On our last day in the Algarve we took our hire car and drove up the west coast of Portugal, taking in the dramatic coastal scenery in our search for a good beach. Eventualy we turned up at the beautiful Praia da Borderia, which lies within the Southwest Alentejo and Vicentine Coast Natural Park. In truth I found the extraordinary cliffs to be far more interesting that crowded sandy beach. Unlike the south coast, the western side of the Algarve is much more exposed to the wild forces of the Atlantic Ocean, making it ideal for wind sports and surfing. As we explored the area, the sound of the constant roaring of waves as they crashed against the resilient cliffs, filled our ears and proved the soundtrack to our day.
This area of the country was sadly heavily damaged during the Lisbon Earthquake, one of the greatest natural disasters in human history. I said in an early post that I’d go into more depth about this event and seeing that I didn’t really do much on this particular day except laze on the clifftops and the beaches, I guess this is the best opportunity I’ll have to write about it.
On the morning of 1st November 1755, an estimated 8.7 earthquake struck about 200 km south west of Cape St Vincent. In Lisbon, people were gathering to celebrate All Saints Day, but when the ground began to violently shake people raced to the docks just as fissures began to open up across the city. There, they bore witness to a vast tsunami that swept across the downtown area of Lisbon and up the River Tagus so fast that people on horseback weren’t able to escape it. This was followed by two more, equally devastating waves and in those areas unaffected by the water, fires raged for days. However the destruction didn’t stop at Lisbon, the tsunami raced along the coast of the Algrave, destroying several coastal fortresses and in Lagos, the then capital of the Algarve, it topped the city walls and demolished the old town. Even in the centre of Portugal, nor far from the Spanish border and high in the Serra da Estrela Mountains, the effects could still be felt, as parts of Covilha Castle were sent crashing to the ground by the terrible shaking of the earth.
The effects of the quake were felt across Europe and the tsunami did not end on Portugal’s shores. In the Azores, the tsunami reached 150 metres inland, destroying almost every single port on the archipelago. Then it raced across the Atlantic, striking the Moroccan coast and in the opposite direction it hit as far away as Barbados and Brazil. Waves some 3m high struck the south coast of Cornwall, washing away numerous fishing villages and in Galway, Ireland, the waves resulted in the destruction of the famous Spanish Arch. Though the true numbers may never be known, most estimates place the number of deaths at around 50-60,000 people.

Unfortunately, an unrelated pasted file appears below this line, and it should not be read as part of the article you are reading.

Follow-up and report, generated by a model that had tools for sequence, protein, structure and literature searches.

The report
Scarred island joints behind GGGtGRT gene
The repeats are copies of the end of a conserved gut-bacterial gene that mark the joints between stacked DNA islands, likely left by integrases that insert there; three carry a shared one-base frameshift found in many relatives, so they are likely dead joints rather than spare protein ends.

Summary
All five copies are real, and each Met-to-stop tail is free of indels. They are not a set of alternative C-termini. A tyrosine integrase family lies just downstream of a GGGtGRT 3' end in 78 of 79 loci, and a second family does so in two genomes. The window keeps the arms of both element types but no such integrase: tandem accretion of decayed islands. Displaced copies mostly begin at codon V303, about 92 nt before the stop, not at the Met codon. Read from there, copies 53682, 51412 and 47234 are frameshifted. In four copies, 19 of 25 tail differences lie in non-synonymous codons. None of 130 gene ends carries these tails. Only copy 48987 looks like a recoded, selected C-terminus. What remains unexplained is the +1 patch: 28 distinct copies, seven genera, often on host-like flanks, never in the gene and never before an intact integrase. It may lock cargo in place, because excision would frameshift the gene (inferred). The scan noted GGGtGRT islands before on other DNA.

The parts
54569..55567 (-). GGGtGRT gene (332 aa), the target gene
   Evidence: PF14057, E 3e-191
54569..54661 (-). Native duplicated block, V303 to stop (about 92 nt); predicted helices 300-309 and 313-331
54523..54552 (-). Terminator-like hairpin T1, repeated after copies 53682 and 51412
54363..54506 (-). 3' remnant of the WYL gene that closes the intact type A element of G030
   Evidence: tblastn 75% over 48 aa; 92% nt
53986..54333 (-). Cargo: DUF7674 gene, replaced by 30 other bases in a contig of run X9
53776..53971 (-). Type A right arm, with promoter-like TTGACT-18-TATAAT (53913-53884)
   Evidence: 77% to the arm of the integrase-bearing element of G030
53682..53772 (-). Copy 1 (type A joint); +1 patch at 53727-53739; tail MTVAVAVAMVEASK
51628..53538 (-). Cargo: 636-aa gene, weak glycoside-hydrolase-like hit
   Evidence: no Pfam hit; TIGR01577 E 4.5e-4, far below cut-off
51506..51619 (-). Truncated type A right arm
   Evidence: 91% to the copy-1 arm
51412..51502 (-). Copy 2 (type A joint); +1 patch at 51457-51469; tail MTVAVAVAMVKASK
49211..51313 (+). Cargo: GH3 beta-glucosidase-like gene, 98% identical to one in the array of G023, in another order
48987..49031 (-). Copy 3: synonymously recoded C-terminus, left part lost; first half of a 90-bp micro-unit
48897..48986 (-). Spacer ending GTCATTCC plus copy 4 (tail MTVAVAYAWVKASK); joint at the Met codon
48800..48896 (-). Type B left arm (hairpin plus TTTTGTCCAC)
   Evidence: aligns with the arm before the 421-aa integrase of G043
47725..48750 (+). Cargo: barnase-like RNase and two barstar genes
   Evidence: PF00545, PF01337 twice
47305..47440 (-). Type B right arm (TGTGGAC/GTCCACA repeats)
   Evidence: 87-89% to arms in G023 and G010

The city of Lisbon suffered terrible damage with almost 85% of its buildings being destoryed. The Portuguese monarch, King Joseph, escaped harm but was psychologically damaged by the event and refused to ever live within walls again, choosing to spend the rest of his life in a camp on the hills of Ajude. However like other disasters, such as the Great Fire of London, the disaster did garner some advantages. Lisbon was rebuilt, this time with wide open squares and large avenues and the quake generated the construction of the first seismically protected structures in Europe, via the form of the Pombaline buildings. The disaster also spawned a new wave of philosophical thinking in Europe and helped pave the wave towards the Enlightenment. Immanual Kant became the first man to present a modern, systematic theory to explain earthquakes by positing natural, rather than supernatural, causes. So in a way, while the event was disastrous for many hundreds of thousands, it did serve to create new understanding of seismology and promoted further examination of the effects of earthquakes and how to prevent further lose of life.
So with that out of the way, I hope you enjoy these pictures of Portugal’s west coast.
I hope you enjoyed this fourth part of my trip to Portugal. If you did enjoy it feel free to write in the comments, or leave like and thanks for reading.